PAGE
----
Fayette County

CRM says it expects executive to be cleared after indictment tied to council donations

The owner of a company whose executive was indicted this week on federal charges related to lying about campaign contributions to Lexington council members said Friday the company has done nothing wrong.

Timothy Wayne Wellman, an executive with CRM Companies, faces eight felony federal charges in relation to lying about funneling money to 12 “straw contributors” who donated money to Lexington-Fayette County Council campaigns. Wellman is also accused of tampering with witnesses and telling the witnesses to lie to federal investigators.

The indictment alleges Wellman was using straw contributors to funnel money to council campaigns to get a key contract — a new city hall building. CRM Companies bid on a proposal to move the Lexington-Fayette Urban County Government from its downtown buildings to the Lexington Herald-Leader building on Main Street in 2018.

Craig Turner, CEO and founder of CRM Companies, said Friday that Wellman was not involved with CRM’s city hall proposal.

“Wayne Wellman is a friend and partner on a number of business ventures that I have had over the years. However, with regard to the project to redevelop and convert the Herald-Leader building into the new city call, Wayne was not involved in any capacity on that development business venture or LLC,” Turner said in a written statement. “I fully expect his name to be cleared of any wrongdoing at the end of this unfortunate process and, in the meantime, CRM Companies will continue on with business as usual. “

The indictment alleges Wellman repaid those straw contributors and directed the contributors to lie to federal investigators about where the money came from. Straw contributors are used to circumvent campaign finance laws that limit the amount any one contributor can donate.

Kent Wicker, Wellman’s lawyer, has said Wellman will fight the charges. Wicker called Thursday’s indictment “ a work of fiction.”

A committee of city employees scored the bid proposals for a new city hall. No city council members were on the bid scoring committee. CRM Companies received the top score of 94.7 points in June 2018, beating three other proposals. Ultimately, the council opted in September not to move forward with negotiations with CRM Companies. Plans for a new city hall are now on hold.

Susan Straub, a spokeswoman for the city, said the city is not aware of federal investigators asking for any documents related to CRM’s proposal or asking to speak to any of the city staff on the bid selection committee.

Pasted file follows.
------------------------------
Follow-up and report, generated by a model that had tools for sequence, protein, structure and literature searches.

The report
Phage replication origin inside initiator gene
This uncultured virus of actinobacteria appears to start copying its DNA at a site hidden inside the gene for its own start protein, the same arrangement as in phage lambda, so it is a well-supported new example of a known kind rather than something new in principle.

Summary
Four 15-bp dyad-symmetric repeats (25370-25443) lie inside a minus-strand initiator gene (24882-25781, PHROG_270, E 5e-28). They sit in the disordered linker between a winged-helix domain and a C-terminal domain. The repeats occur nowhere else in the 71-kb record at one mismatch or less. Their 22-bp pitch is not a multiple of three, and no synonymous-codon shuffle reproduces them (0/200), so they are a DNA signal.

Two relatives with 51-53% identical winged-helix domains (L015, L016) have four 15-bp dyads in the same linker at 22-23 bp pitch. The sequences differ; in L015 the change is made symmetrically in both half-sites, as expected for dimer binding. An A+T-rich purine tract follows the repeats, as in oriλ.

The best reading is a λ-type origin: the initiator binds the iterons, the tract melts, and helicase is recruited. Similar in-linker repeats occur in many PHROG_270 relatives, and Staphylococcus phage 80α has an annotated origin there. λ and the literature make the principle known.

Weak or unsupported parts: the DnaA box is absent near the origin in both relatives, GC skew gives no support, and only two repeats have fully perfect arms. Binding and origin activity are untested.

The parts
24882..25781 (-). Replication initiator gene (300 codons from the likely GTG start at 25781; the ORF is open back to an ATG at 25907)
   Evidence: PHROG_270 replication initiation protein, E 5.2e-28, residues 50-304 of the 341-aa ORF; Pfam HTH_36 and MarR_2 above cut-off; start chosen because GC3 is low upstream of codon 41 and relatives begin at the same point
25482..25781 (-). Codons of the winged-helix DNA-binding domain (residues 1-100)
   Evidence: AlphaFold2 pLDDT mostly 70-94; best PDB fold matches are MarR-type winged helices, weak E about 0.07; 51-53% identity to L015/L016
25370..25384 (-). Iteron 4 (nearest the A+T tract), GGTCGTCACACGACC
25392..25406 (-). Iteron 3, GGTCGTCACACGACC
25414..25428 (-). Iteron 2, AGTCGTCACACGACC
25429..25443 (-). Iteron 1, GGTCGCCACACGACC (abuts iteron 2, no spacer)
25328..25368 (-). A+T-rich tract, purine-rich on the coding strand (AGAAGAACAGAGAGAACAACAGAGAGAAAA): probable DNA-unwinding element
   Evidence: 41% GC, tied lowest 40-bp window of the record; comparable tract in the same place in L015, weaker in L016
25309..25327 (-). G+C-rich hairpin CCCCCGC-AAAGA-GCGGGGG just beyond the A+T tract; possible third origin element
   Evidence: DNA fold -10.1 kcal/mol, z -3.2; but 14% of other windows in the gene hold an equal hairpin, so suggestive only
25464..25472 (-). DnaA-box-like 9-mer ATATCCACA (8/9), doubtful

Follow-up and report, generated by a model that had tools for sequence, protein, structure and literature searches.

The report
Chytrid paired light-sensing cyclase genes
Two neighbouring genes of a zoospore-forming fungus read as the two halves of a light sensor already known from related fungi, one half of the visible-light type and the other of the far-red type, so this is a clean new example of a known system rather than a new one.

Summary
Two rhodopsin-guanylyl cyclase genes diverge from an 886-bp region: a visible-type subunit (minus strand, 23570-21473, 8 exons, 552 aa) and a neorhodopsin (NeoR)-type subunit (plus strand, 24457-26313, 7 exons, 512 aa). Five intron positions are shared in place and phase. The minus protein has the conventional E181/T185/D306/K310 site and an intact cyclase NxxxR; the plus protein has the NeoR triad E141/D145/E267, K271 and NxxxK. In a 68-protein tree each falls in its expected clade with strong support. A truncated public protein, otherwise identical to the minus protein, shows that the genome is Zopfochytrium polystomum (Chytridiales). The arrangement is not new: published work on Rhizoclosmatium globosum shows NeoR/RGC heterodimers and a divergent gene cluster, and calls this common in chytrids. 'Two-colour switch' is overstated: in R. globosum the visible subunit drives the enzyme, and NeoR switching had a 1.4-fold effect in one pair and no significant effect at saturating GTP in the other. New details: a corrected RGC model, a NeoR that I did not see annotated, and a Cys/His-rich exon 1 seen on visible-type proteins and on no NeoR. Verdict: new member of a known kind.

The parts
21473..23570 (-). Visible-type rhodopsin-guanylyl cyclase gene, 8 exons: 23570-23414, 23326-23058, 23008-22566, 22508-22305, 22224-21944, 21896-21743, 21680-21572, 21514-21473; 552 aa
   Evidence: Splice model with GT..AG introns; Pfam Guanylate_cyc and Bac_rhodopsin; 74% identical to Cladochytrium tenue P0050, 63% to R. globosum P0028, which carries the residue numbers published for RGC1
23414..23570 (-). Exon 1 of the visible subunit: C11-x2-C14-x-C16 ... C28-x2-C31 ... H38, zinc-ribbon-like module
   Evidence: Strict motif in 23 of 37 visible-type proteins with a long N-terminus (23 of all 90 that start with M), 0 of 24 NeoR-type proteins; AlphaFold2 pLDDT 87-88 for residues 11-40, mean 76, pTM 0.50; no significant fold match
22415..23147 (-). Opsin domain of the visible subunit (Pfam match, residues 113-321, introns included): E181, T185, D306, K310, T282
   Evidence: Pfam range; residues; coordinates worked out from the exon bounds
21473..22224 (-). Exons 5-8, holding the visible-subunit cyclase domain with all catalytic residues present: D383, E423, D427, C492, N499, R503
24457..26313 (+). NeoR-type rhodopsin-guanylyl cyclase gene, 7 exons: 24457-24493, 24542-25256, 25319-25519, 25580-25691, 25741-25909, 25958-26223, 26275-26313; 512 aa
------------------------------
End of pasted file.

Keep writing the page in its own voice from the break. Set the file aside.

The indictment alleges that during the May primary, “two sitting council members received large personal campaign contributions to their campaigns from employees of CRM.”

The indictment says in September 2018, a federal grand jury was convened to investigate “complaints and suspicions that the campaign contributions by employees of CRM to two council members were to influence their votes regarding CRM’s proposal for relocating city offices.”

The indictment does not name the Lexington-Fayette Urban County Council members. Nor does it allege the council members did anything wrong.

Campaign finance reports show Vice Mayor Steve Kay and then-Councilman Kevin Stinnett each received campaign contributions from at least five CRM employees between March and May. Both also received contributions from Wellman. That’s more than any other sitting council member during the May primary, according to Kentucky Registry for Election Finance reports. Stinnett was running for mayor at the time. Kay was running for re-election. It’s not clear if the CRM employees who contributed to either Kay or Stinnett’s campaigns were the straw contributors mentioned in the indictment. The alleged straw contributors are only mentioned by initials in federal court records.

Stinnett, who is no longer on council, said Thursday he had no comment because he had not done anything wrong.

Kay said candidates have no way of knowing if someone who contributes to their campaign is a straw contributor.

“I have no way of knowing of what someone’s resources are when they contribute,” Kay said. “I always assume the person who signed the check has the resources.”

As vice mayor, Kay was asked by the administration if a council member wanted to be placed on the bid scoring committee for the city hall proposals. Kay agreed with the administration that it was best for a council member not to be placed on the committee to avoid the appearance of impropriety.

CRM had an option to buy the Herald-Leader building at 100 Midland Avenue at the time it bid on the city hall project. CRM no longer has an option to buy the property, said Jeanne Segal, a spokeswoman for McClatchy, the Herald-Leader’s parent company. The Herald-Leader is still in the building at 100 Midland Avenue. Segal said CRM’s option to buy expired in 2018.

Segal did not answer a question on whether the Herald-Leader building was still for sale.

CRM Companies has a host of real estate management contracts and other developments. According to its web site, it’sportfolio includes several Raising Cane’s restaurants in central Kentucky. It also received a contract with D.W. Wilburn to build a new state office building in Frankfort in December 2017. It also has the contract to manage the former Fayette County courthouse.

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